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performance & Measurement

Optimizing Teams for Best-In-Class Sales Performance

Written By: Sean Frontz

September 12, 2023 – 6 min read

In today’s highly competitive business environment, talent development is a crucial factor for success. This article explores the challenges facing sales teams in the life sciences industry and what sales leaders can do to optimize their teams for best-in-class performance.

The Performance Challenge

Many life sciences organizations invest heavily in their employees’ training and development, spending around 7% of their annual budget on these efforts. However, despite these investments, sales performance remains a persistent problem. One of the main issues is the complexity created by these efforts. As we continue to create new systems, technology, tools, and processes to help sales, we are inadvertently contributing to the problem rather than solving it.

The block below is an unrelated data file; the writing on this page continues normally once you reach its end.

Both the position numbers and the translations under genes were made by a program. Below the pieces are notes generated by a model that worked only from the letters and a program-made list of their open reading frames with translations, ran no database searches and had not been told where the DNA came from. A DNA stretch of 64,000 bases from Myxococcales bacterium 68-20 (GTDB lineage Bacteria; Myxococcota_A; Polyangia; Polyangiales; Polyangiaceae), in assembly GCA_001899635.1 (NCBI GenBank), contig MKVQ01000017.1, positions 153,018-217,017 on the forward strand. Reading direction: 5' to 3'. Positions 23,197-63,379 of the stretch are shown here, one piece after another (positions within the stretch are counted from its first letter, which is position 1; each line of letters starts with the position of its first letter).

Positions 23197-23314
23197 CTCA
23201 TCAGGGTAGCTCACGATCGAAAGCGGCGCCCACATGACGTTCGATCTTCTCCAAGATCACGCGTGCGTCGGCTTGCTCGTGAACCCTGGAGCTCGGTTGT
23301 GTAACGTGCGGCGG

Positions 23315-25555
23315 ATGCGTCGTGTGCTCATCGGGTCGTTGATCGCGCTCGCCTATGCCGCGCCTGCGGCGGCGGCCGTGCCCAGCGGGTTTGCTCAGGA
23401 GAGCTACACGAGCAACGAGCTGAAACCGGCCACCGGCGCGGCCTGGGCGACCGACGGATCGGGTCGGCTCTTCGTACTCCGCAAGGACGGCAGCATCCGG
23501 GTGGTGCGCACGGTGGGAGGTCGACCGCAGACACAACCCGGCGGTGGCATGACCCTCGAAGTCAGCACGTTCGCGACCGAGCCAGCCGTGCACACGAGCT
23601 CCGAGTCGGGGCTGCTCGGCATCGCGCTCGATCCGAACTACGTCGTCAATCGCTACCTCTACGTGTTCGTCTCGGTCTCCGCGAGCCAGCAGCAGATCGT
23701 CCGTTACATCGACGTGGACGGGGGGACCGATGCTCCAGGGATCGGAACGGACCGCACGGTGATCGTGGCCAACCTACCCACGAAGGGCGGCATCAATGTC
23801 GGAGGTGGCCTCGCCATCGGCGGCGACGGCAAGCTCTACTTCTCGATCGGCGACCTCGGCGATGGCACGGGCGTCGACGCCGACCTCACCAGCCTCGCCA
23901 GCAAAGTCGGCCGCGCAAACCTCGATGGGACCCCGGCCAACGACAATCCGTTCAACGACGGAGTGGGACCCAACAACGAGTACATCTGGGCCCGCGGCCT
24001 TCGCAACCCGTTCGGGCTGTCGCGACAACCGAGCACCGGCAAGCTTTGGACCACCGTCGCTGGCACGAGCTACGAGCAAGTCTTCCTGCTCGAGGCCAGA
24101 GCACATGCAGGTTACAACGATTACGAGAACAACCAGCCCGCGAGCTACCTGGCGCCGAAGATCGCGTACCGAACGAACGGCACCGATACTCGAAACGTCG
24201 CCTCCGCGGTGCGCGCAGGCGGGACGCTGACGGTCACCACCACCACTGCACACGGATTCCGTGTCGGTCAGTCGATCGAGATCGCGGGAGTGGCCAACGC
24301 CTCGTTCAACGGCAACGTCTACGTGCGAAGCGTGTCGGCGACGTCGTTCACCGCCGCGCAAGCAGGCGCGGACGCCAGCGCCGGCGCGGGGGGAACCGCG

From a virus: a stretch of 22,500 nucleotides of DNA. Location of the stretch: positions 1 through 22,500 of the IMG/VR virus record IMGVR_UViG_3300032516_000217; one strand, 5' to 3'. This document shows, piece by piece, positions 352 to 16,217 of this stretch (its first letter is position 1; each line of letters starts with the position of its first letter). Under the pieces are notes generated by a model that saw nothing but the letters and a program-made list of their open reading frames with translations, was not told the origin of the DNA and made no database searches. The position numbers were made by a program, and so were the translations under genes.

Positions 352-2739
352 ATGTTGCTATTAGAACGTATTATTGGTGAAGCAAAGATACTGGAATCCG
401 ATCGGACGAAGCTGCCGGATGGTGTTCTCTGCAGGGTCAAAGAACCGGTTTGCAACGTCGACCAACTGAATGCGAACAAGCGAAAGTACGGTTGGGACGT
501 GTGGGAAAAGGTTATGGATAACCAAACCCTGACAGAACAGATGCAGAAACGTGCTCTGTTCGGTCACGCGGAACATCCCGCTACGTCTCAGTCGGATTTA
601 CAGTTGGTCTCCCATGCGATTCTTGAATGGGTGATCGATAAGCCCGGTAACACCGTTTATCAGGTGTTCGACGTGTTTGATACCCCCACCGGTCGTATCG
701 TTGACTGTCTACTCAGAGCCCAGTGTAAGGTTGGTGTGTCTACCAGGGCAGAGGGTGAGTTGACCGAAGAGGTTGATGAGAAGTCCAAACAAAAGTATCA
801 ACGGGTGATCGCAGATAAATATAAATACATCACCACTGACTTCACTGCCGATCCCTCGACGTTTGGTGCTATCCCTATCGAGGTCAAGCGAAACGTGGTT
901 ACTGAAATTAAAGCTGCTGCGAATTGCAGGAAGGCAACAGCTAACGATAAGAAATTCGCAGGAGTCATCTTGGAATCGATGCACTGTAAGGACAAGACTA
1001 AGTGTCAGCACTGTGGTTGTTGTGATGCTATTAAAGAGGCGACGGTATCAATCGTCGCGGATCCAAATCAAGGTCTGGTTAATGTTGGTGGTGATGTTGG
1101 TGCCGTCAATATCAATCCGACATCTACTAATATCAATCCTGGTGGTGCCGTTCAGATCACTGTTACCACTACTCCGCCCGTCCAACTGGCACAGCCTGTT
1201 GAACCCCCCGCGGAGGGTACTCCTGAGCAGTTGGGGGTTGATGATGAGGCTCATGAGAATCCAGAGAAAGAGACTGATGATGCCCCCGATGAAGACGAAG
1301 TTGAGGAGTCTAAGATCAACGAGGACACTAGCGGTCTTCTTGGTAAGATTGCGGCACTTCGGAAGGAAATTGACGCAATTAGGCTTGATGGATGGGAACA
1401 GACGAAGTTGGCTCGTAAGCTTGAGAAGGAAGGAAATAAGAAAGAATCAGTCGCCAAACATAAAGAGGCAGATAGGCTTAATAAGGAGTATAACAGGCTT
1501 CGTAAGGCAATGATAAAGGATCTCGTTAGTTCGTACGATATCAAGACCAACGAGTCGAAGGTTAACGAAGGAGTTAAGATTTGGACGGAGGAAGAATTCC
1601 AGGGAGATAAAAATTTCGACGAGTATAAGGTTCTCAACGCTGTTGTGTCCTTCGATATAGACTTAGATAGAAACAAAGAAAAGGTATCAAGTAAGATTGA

Complexity interferes with success by blocking performance predictably. In other words, the more complicated the sales process becomes, the less likely it is that reps will be able to sell effectively. Complexity creates two significant issues. First, it creates more work. The average sales rep spends an average of two-thirds of their time in non-revenue generating activities, leaving only 35.2% of their time for functions related to selling. Second, it diminishes the opportunities for coaching. According to a recent study, 73 percent of sales managers spend less than 5 percent of their time coaching. Coaching is a critical aspect of sales development and is critical to talent development and performance. Given that, on average, only 24.7 percent of reps hit their annual targets consistently, it’s time to address the complexity challenge.

“As a sales leader, your primary responsibility is to drive revenue growth for your organization. To achieve this, it’s critical to focus on advancing your sales team’s talent and skills.”

The Role of the Sales Leader